When West Indies ruled the world
West Indies were once known as the "calypso cricketers". It was a slightly patronising description which reflected the fact that while, at their best, they could provide rich entertainment, all too often they went home a beaten side.
Then something happened. They became good, very good indeed as the authoritative captaincy of Clive Lloyd turned them into a brilliant match-winning machine. They had the game's most dominant batsman, Viv Richards, and the most fearsome fast bowlers in the world.
The great era of Caribbean cricket, which began with their success in the inaugural World Cup of 1975 and continued into the early 1990s, is viewed with a greater sense of nostalgia now than ever before in light of the prolonged demise the game has endured in the Caribbean since then.
And so it is that when watching Stevan Riley's new film Fire in Babylon, which goes on general UK release on Friday, you cannot help but feel those glory days are lost in time, evoking a brand of cricket West Indies will never replicate.
Riley employs three narrative methods. Firstly, of course, he uses splendid footage of selected series in Australia and England, brought to life vividly on the big screen (it comes as a real treat if you have grown used to the pixellated, cramped confines of youtube for such memories).
The second story-telling device comes in the form of present-day interviews with the legendary West Indies players. Michael Holding, a professional pundit now, is wonderfully eloquent. Andy Roberts, his fellow former fast bowler, also provides intelligent insight. And you only have to look at Richards' eyes - still burning with the passion that seems to have escaped the current generation of West Indian cricketers - to feel the emotion of the time, and the drama of what became a crusade against the established powers.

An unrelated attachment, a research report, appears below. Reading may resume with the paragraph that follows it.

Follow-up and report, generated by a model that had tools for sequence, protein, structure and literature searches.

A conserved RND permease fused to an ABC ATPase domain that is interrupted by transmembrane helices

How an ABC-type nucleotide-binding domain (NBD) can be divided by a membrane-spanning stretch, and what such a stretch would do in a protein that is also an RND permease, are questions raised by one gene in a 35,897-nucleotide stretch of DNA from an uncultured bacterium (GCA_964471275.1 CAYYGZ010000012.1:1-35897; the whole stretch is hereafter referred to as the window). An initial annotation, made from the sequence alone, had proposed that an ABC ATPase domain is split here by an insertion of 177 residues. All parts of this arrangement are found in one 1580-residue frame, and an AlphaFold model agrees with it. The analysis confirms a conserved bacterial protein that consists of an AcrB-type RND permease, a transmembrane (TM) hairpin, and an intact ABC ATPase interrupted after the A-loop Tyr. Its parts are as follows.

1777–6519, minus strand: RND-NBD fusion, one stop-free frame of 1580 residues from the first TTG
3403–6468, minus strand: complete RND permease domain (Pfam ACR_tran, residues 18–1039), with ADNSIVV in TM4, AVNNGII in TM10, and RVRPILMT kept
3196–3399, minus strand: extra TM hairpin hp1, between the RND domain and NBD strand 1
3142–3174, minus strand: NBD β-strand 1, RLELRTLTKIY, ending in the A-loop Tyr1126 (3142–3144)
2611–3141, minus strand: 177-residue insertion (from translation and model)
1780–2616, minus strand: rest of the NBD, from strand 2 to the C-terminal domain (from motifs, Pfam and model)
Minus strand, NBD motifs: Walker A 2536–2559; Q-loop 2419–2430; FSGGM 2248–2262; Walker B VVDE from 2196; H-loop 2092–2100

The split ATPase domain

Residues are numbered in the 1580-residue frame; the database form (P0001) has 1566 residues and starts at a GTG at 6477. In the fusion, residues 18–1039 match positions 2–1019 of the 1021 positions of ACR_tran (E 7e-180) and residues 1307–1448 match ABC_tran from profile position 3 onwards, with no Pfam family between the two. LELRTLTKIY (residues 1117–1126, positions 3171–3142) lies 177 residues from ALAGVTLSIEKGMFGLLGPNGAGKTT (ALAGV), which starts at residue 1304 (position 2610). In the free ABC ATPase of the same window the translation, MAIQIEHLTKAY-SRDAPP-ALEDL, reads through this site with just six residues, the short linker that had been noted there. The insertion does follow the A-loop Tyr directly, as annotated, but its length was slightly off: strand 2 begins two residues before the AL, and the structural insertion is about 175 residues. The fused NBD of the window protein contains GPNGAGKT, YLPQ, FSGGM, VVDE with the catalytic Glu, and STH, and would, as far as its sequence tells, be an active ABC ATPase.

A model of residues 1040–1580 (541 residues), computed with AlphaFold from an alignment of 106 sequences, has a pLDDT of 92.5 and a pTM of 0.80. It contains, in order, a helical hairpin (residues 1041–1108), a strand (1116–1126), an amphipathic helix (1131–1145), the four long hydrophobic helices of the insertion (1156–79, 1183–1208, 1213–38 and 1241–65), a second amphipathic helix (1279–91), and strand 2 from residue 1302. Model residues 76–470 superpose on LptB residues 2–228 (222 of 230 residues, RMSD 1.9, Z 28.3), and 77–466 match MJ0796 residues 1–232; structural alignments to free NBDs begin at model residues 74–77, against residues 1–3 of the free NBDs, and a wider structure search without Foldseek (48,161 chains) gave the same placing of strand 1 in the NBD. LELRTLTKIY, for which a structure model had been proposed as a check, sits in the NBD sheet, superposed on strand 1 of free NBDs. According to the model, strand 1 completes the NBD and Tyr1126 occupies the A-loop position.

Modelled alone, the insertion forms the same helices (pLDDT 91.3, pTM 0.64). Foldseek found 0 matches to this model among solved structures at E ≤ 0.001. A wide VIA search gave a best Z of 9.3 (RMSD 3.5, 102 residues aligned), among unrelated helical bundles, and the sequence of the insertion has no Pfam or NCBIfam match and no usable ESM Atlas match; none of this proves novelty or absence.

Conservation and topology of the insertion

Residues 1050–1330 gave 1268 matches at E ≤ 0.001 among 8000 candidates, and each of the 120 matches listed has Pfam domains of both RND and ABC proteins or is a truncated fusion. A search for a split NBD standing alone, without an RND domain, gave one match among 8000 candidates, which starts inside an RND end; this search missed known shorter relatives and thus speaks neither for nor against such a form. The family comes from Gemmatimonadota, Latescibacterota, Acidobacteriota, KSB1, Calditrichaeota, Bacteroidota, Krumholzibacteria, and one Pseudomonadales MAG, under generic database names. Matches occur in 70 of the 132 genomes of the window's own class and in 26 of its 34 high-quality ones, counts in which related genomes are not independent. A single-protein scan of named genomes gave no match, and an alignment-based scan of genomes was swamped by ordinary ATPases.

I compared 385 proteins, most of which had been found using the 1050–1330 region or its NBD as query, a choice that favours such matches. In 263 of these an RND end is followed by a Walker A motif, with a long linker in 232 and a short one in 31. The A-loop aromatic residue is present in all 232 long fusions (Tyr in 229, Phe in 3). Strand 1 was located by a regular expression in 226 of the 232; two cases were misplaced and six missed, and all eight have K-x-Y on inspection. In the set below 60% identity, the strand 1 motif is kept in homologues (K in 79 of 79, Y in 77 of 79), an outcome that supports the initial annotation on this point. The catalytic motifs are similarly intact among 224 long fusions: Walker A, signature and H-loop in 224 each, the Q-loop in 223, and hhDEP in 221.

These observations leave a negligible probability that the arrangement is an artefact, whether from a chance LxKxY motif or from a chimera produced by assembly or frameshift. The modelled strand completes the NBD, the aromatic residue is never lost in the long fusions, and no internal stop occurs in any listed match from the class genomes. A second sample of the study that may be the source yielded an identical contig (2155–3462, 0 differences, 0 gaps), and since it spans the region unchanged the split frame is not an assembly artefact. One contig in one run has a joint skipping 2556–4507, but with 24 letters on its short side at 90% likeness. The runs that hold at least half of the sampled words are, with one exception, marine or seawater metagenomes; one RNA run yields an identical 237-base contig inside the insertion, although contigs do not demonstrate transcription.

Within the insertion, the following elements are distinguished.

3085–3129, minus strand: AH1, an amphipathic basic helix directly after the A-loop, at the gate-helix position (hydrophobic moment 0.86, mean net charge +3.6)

Holding describes an early setback by revealing how he sat down by the wicket and wept in despair, out of sheer disbelief that "anyone could play the game of cricket this hard". But they responded, and how. For Richards "my bat was my sword".
The third narrative format is what takes this film firmly away from the realm of those prosaically efficient videos produced by the satellite sports channels.
Riley's added spice comes through the contributions of non-cricketers. There are interviews with Rastafarians - some famous like Bunny Wailer, others less so - lyrically opining about the wonder of Richards and Gordon Greenidge in their prime, or the poetic pace of the fast bowlers.
And, most surprisingly of all, there are some enchanting musical interludes. Various bands who one suspects would be familiar only to older Caribbean viewers are filmed performing gentle cricketing ballads. These mostly take place outdoors against carefully constructed backdrops.
Triumph through adversity is the film's principal theme. The players on the 1975-76 tour of Australia, where the story begins, recall the racism they suffered from the fans, and the pummelling they received on the pitch from the Australian fast bowlers Dennis Lillee and Jeff Thomson.
West Indies were World Cup holders at the time, but the film pitches them as talented but fundamentally naive underdogs up against a ferocious, streetwise Australian side who handed out a no-nonsense 5-1 beating.
The helmetless Gordon Greenidge hooks England's Norman Cowans for four in the 1984 series (Getty)